13 November 2003 Edition

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Ferris concern over falling farm numbers

Sinn Féin spokesperson on Agriculture and Rural Development, Martin Ferris TD, has expressed concern over figures that show a continuing decline in the number of family farms.The North Kerry TD was commenting upon statistics contained in the 'Compendium of Irish Agricultural Statistics 2003', published last week by the Department of Agriculture and Food. Among the key findings are that family farms fell by 3,100 between 2001 and 2002, and that the total employed in agriculture, forestry and fishing declined by 7,500 last year.

Farmers owed a massive €1.2 billion in debt in 2002, which amounted to half of total operating surplus. Farmers were also more dependent than before on EU subsidies, while almost half of farmers or their spouses have an off-farm job to supplement their income.

"Much of what the statistics reveal is a matter of concern," said Ferris. "Family farm numbers have continued to fall and 90% of that decline was among farmers who have less than 50 hectares. The continuing concentration of the dairy sector has led to 7,000 farmers leaving dairying between 1997 and 2000.

"With the Minister admitting that this trend is set to continue, we may expect to see a further decline in family farms. That is why it is so important that the current CAP reform package is made part of a broader strategy to ensure that all those who wish to remain in farming may do so. The decoupled single payment does provide the basis for that, if complemented by other measures to ensure that small to medium sized producers can take best advantage of the move towards higher quality production that will boost their income, and contribute to a strengthening of the processing sector."

Sinn Féin slams EU Commission over GM move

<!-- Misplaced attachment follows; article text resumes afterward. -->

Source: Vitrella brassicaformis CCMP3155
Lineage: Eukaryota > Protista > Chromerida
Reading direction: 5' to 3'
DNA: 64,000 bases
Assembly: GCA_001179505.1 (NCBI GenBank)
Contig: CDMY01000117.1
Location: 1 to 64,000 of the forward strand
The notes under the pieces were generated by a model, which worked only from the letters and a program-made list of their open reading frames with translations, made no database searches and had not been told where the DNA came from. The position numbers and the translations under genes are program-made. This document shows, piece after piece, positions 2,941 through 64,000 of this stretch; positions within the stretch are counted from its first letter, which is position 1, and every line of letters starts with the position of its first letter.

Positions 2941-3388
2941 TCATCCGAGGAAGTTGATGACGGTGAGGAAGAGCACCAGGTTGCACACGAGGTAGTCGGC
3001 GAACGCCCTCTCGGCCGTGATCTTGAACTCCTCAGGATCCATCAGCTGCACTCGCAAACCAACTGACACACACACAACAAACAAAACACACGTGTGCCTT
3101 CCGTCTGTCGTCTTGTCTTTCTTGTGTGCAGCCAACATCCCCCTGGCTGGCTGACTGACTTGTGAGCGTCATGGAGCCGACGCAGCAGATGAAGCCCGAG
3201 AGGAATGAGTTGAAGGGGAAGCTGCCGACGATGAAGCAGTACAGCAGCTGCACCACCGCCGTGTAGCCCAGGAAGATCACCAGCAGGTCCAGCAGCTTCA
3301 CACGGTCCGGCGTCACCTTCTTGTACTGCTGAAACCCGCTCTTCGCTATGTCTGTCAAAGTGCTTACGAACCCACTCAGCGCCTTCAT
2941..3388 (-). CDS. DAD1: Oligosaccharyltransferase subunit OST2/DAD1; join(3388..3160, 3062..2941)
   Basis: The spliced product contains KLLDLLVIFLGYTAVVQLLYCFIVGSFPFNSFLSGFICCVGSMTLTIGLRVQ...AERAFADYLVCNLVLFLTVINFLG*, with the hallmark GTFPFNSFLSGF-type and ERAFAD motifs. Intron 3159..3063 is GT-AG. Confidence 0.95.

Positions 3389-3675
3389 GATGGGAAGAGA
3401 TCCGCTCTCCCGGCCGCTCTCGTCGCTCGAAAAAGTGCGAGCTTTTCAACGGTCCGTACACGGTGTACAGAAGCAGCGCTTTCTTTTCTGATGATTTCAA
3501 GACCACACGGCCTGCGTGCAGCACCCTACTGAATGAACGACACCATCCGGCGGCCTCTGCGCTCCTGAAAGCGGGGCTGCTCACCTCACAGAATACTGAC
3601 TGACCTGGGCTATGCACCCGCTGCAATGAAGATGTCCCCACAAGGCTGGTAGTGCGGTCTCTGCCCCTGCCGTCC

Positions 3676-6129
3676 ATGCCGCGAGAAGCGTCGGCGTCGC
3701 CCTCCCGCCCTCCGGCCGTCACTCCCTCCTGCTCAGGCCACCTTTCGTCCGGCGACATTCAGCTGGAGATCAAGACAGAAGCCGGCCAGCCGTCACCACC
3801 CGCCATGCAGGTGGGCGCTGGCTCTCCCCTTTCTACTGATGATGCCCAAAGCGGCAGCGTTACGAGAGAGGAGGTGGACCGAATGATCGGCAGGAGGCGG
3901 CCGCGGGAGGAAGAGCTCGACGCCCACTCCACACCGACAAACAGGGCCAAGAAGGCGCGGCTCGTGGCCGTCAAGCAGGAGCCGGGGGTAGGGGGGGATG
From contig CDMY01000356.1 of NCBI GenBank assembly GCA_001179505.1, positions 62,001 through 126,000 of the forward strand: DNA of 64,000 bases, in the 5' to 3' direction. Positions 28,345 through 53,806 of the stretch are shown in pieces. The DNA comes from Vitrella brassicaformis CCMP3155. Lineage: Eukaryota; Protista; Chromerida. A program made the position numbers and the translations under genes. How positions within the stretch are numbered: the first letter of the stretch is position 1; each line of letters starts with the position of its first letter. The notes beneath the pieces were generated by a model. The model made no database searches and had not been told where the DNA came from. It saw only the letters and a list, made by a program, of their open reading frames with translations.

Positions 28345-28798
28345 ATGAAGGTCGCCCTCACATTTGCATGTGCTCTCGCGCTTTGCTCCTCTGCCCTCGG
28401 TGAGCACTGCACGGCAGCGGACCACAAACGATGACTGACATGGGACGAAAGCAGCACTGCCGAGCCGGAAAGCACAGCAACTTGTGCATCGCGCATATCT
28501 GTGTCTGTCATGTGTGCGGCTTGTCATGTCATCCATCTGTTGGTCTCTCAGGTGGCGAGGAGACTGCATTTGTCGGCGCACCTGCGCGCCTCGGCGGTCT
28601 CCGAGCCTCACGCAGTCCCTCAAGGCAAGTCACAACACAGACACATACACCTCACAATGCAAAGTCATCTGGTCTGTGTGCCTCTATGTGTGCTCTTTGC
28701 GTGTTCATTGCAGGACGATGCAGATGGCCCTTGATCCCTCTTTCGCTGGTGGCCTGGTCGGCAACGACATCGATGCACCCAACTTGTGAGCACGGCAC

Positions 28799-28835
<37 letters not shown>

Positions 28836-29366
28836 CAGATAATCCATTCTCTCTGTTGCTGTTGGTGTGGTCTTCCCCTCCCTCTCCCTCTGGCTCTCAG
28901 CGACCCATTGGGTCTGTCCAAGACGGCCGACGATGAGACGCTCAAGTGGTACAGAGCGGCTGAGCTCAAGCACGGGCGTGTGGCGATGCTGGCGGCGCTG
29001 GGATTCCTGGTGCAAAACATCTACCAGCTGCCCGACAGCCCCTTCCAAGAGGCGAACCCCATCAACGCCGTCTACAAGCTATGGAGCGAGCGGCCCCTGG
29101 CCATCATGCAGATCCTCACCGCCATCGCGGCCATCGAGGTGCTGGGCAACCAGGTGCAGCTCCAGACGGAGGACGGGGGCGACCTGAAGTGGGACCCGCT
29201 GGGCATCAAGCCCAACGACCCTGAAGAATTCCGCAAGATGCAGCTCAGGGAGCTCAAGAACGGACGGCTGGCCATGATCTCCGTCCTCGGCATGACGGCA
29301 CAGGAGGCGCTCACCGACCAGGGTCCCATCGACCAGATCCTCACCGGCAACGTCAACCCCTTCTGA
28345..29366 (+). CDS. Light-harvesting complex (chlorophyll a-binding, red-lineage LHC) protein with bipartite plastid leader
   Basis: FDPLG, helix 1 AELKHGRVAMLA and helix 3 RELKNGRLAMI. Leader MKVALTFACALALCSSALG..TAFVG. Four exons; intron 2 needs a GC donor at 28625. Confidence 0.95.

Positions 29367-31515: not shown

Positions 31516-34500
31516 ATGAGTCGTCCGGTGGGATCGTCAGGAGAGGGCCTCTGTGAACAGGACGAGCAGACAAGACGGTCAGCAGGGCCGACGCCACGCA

Sinn Féin spokespersons on Agriculture and Rural Development — Martin Ferris TD and Fermanagh South Tyrone candidate Councillor Gerry McHugh — have strongly criticised the EU Commission for having succumbed to US pressure to allow the sale of genetically modified food.

Ferris and McHugh were speaking following a decision by a Commission group to postpone a vote on the sale of genetically modified sweetcorn until December. The product in question is a variety known as 'Bt 11' manufactured by the Swiss corporation Syngenta.

"This attempt by the Commission to approve the sale of GM foods must be regarded with suspicion," said Ferris. "It would appear clear that they are trying to get approval for this product before more stringent regulations come into force.

"The Commission is caving in to pressure from the United States, which has a massive interest in opening up European markets for GM, but is opposed by the vast majority of European farmers and consumers. The fact that the decision was postponed, however, would indicate that there is still opposition among the 15.

"We will be asking Minister Joe Walsh to explain what way the Irish representative voted, and will be calling on him to ensure that when this issue comes back for decision on 12 December, that Ireland opposes the move".


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